People have known for centuries that nature provides plants that can be used to heal sickness, calm nerves, and prevent irritants. However, as we “evolved” as a society, we preferred to take our medication in the form of a prescription. Instead of listening to people who actually used natural plants and oils, we turned to doctors in white coats who spent 98% of an office visit looking at their computer.
Do not misunderstand. Visit your doctors and take their advice if that makes sense to you. But do not turn your nose up at the old ways. Essential oils cured people for a very long time before PPO plans, and they’re still highly effective for many things today.
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Lavender for You
Lavender is not only beautiful, it also has a great scent. There was a time when women dabbed lavender on their bodies because it smells so nice. It is also soothing and leaves the skin smooth. Ancient cultures used lavender as a perfume for generations.
In recent years, people have begun filling essential oil lockets with lavender oil and wearing them around their necks. It’s safe to say essential oils have made a comeback.
Lavender essential oil is also highly effective for promoting relaxation and inducing sleep. Try using an essential oils diffuser to fill your bedroom with the calming scent of lavender at bedtime to ease yourself into a good night’s rest.
Lavender for your Dog
Lavender essential oil is one of many oils that can help your pup. If you have a dog that gets anxious over traveling, visits to the vet, or while being groomed, lavender will help. A few drops of pure quality lavender oil will calm your dog and naturally help relax her.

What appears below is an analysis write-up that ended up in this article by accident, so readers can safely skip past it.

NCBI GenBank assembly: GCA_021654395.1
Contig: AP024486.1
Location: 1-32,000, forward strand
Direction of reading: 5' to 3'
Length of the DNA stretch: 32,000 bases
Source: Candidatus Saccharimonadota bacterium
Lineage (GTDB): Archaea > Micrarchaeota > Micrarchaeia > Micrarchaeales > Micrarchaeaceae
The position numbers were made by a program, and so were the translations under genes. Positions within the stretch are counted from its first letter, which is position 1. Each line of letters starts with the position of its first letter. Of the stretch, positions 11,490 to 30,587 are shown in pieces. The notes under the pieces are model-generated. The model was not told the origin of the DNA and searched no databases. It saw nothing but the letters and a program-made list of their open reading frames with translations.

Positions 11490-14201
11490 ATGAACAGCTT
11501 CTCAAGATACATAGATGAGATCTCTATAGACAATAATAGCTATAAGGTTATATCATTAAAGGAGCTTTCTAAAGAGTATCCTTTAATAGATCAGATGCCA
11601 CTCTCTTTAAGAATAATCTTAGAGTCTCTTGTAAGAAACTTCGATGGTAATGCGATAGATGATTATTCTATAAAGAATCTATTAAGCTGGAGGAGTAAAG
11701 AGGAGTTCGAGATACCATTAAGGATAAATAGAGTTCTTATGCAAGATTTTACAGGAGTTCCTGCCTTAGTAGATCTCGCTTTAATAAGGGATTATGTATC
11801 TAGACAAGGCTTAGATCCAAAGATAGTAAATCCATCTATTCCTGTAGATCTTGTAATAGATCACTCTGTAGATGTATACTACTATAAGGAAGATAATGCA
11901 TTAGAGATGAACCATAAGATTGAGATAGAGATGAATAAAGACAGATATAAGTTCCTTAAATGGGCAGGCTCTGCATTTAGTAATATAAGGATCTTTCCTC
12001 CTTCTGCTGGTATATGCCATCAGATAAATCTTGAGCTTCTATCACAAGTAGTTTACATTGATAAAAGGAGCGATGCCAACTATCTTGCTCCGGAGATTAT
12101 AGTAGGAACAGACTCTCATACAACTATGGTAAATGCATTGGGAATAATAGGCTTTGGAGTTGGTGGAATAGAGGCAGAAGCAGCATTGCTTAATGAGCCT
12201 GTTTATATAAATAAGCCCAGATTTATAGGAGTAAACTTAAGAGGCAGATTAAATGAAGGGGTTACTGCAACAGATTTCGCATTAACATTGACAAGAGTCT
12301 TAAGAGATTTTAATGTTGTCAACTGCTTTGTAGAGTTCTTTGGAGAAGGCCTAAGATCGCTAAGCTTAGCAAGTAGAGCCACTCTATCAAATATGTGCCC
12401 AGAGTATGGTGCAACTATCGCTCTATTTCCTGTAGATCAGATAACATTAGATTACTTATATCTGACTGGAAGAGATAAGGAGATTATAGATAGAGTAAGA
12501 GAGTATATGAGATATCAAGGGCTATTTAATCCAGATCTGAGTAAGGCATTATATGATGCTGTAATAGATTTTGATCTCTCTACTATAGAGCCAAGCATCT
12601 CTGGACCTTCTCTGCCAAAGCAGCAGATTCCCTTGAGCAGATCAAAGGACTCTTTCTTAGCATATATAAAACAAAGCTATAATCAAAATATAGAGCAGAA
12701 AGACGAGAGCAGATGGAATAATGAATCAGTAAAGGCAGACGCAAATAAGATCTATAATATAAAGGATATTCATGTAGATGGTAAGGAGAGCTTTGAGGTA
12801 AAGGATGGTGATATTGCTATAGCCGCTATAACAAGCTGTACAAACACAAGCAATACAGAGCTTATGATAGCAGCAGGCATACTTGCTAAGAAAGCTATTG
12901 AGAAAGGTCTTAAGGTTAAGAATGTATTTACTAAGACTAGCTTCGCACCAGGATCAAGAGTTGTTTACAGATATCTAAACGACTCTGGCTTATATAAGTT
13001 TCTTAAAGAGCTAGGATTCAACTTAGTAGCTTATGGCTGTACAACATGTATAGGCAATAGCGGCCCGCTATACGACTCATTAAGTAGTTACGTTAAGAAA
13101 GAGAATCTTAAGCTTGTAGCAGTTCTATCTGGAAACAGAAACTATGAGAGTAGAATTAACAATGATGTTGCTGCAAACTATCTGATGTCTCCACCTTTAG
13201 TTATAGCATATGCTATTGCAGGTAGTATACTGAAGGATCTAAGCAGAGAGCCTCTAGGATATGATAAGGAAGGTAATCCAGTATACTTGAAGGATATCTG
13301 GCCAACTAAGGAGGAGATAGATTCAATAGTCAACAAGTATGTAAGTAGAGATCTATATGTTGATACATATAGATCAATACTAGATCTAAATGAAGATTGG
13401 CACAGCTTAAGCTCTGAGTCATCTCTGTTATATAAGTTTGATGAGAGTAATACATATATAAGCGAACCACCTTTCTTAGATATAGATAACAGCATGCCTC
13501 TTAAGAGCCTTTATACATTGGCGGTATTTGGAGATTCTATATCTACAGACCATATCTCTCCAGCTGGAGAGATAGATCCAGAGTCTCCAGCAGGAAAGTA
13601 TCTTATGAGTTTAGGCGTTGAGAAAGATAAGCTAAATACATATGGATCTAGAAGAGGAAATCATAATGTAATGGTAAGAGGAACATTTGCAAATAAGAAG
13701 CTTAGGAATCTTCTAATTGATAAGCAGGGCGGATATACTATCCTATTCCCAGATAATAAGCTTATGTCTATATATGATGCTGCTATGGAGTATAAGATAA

Often our dogs get hot spots or rashes that just seem to come from nowhere. Clean the area and rub a few drops of lavender oil directly on the spot. This hydrates the skin and soothes away itches.
During the summer months, misting your dog at bath time with lavender essential oil and water will give her a fresh smell and while it will not kill insects, the scent may help to repel the bugs (including fleas).
Use the same bottle to mist the areas of the house the dog likes to sleep or sit on and on carpets and furniture. It will dry quickly and keep insects from wanting to invade your home. Even disease-carrying mosquitoes will typically stay away from lavender.
If you love your dog and live in an area that is troubled with mosquitoes and other bugs, you might consider planting lavender in flower bed around your home. It grows fast, produces a beautiful purple blossom, and keeps your home more comfortable.
As always, please consult your veterinarian if you have any questions about using essential oils with your dog.
Do you use lavender essential oil with your dog? I’d love to hear about your experience in a comment below.
About the Author:
Ashley Lipman is an award-winning writer who discovered her passion in providing creative solutions for building brands online. Since her first high school award in Creative Writing, she continues to deliver awesome content through various niches.